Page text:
The property market fundamentals of Australia’s biggest city council are as bent as a banana. While rates of population growth continue to ease, the high volumes of new housing supply are absurd, and the situation with Brisbane jobs is not as rosy as the state government are trying to portray.
Whilst Brisbane City Council (BCC) has the highest population out of all of Australia’s 550 local government authorities, its population growth rate has come down a long way from the dizzy heights which it consistently produced throughout the noughties decade. Its 2015 growth rate of 1.4 per cent is now back in line with the national average.
Brisbane City Council Quick Facts:
- Biggest city council in Australia
- 1,162,186 population as at June 2015
In spite of the distinct easing in population growth (housing demand) the rates of new housing supply have gone in the other direction, scaling record levels.
During the four years ending June 2010, BCC’s population increased by 85,313, thereby creating demand for an additional 32,809 dwellings (BCC has 2.6 people per household according to 2011 Census); 28,409 new dwellings were approved.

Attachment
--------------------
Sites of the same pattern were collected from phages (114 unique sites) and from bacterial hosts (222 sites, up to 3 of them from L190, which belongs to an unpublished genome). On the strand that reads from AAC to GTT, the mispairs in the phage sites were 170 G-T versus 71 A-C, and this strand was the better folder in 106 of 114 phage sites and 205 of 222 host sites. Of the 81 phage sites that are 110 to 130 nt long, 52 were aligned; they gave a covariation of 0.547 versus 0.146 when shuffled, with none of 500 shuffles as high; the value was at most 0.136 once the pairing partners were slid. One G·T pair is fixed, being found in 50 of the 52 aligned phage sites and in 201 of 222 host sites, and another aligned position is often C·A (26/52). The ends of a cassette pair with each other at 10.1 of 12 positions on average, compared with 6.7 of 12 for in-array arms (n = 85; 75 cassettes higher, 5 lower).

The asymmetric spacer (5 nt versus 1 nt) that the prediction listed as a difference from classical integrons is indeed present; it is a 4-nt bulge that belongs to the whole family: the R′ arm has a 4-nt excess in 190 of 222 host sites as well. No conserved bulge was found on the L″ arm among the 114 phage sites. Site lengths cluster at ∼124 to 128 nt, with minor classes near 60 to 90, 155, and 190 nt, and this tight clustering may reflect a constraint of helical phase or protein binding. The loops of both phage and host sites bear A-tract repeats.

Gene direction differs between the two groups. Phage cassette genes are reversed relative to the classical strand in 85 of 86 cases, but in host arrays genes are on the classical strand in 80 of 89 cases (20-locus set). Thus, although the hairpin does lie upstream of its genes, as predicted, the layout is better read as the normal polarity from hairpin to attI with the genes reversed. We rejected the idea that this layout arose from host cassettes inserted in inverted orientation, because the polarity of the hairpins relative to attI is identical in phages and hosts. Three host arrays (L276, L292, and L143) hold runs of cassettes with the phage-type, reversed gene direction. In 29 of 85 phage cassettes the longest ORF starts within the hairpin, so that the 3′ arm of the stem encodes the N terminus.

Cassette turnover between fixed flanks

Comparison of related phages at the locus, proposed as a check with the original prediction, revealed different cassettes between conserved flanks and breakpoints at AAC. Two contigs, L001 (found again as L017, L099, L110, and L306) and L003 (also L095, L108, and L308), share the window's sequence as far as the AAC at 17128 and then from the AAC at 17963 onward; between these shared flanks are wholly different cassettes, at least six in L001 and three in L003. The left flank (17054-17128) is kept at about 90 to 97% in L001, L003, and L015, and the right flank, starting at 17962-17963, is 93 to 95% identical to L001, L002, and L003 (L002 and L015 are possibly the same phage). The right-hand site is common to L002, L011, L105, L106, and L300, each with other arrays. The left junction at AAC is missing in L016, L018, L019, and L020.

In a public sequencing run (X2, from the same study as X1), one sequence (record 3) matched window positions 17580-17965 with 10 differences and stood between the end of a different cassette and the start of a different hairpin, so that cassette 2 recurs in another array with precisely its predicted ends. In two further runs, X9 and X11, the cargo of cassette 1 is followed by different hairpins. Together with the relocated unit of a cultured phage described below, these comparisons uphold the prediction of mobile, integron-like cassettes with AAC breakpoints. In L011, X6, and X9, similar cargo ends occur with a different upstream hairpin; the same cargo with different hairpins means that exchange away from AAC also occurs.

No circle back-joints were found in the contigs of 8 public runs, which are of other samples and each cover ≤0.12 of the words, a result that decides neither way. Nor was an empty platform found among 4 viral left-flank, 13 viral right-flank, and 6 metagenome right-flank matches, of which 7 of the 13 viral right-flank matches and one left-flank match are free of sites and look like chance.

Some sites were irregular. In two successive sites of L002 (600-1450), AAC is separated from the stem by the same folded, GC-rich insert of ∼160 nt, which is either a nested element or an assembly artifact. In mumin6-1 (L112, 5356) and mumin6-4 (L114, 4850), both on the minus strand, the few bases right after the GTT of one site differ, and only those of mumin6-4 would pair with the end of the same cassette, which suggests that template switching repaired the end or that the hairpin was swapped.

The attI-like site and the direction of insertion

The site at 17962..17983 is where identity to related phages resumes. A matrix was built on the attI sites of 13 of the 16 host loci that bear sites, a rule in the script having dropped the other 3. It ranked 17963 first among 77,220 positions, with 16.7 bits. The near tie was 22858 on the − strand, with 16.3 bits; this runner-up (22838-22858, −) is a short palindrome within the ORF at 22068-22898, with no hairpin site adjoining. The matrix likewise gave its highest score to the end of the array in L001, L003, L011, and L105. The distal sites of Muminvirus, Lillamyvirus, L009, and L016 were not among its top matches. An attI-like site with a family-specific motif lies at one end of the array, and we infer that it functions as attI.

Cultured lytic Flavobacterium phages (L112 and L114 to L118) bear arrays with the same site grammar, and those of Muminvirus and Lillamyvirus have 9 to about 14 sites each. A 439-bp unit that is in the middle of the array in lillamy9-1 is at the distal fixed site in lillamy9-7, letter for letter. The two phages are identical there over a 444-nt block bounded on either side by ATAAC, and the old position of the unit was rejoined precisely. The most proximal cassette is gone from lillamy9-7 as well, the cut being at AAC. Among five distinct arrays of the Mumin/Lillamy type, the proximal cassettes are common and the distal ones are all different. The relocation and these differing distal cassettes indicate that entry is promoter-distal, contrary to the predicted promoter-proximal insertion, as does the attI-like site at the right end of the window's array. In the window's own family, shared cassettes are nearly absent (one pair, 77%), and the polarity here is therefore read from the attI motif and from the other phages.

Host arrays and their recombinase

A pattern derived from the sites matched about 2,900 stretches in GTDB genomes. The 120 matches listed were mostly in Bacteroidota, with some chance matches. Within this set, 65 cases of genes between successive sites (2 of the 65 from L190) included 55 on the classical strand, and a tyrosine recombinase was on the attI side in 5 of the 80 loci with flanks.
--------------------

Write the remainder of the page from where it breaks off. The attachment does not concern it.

Contrast this to the most recent three years, additional housing demand was 17,285 (based on population growth of 51,804) yet a staggering 47,977 new dwellings were approved. As shown in Chart 2, things are completely out of whack.
84 per cent of approvals over the last three years were for attached dwellings. Obscene!
In 2014 and 2015, most property pundits repeatedly predicted that Brisbane’s property market would follow in the footsteps of Sydney and Melbourne; often referring to a ‘knock-on effect’ and Brisbane’s more affordable housing as their so-called ‘research’. Conversely, Propertyology downgraded its outlook for Brisbane in early 2014, instead forecasting that Brisbane was likely to see only modest price growth unless something significant occurred to help turnaround Queensland’s disappointing economic performance. Median property values subsequently increased in Brisbane by 4 per cent (2014) and 4.3 per cent (2015), well below Sydney (15.1 per cent and 15.1 per cent) and Melbourne (9.1 per cent and 12.7 per cent).
On the surface, Greater-Brisbane’s unemployment rate of 4.9 per cent [June 2016] looks very favourable compared to national and state averages of 5.8 per cent and 6.3 per cent, respectively. But, here’s the thing: a decline in Brisbane’s unemployment rate from 7.4 per cent in February 2014 to the current 4.9 per cent is totally at odds with the lack of confidence demonstrated by Brisbane business owners. Where are all of these jobs that the Queensland state government continues to refer to in press release after press release since coming into office in January 2014?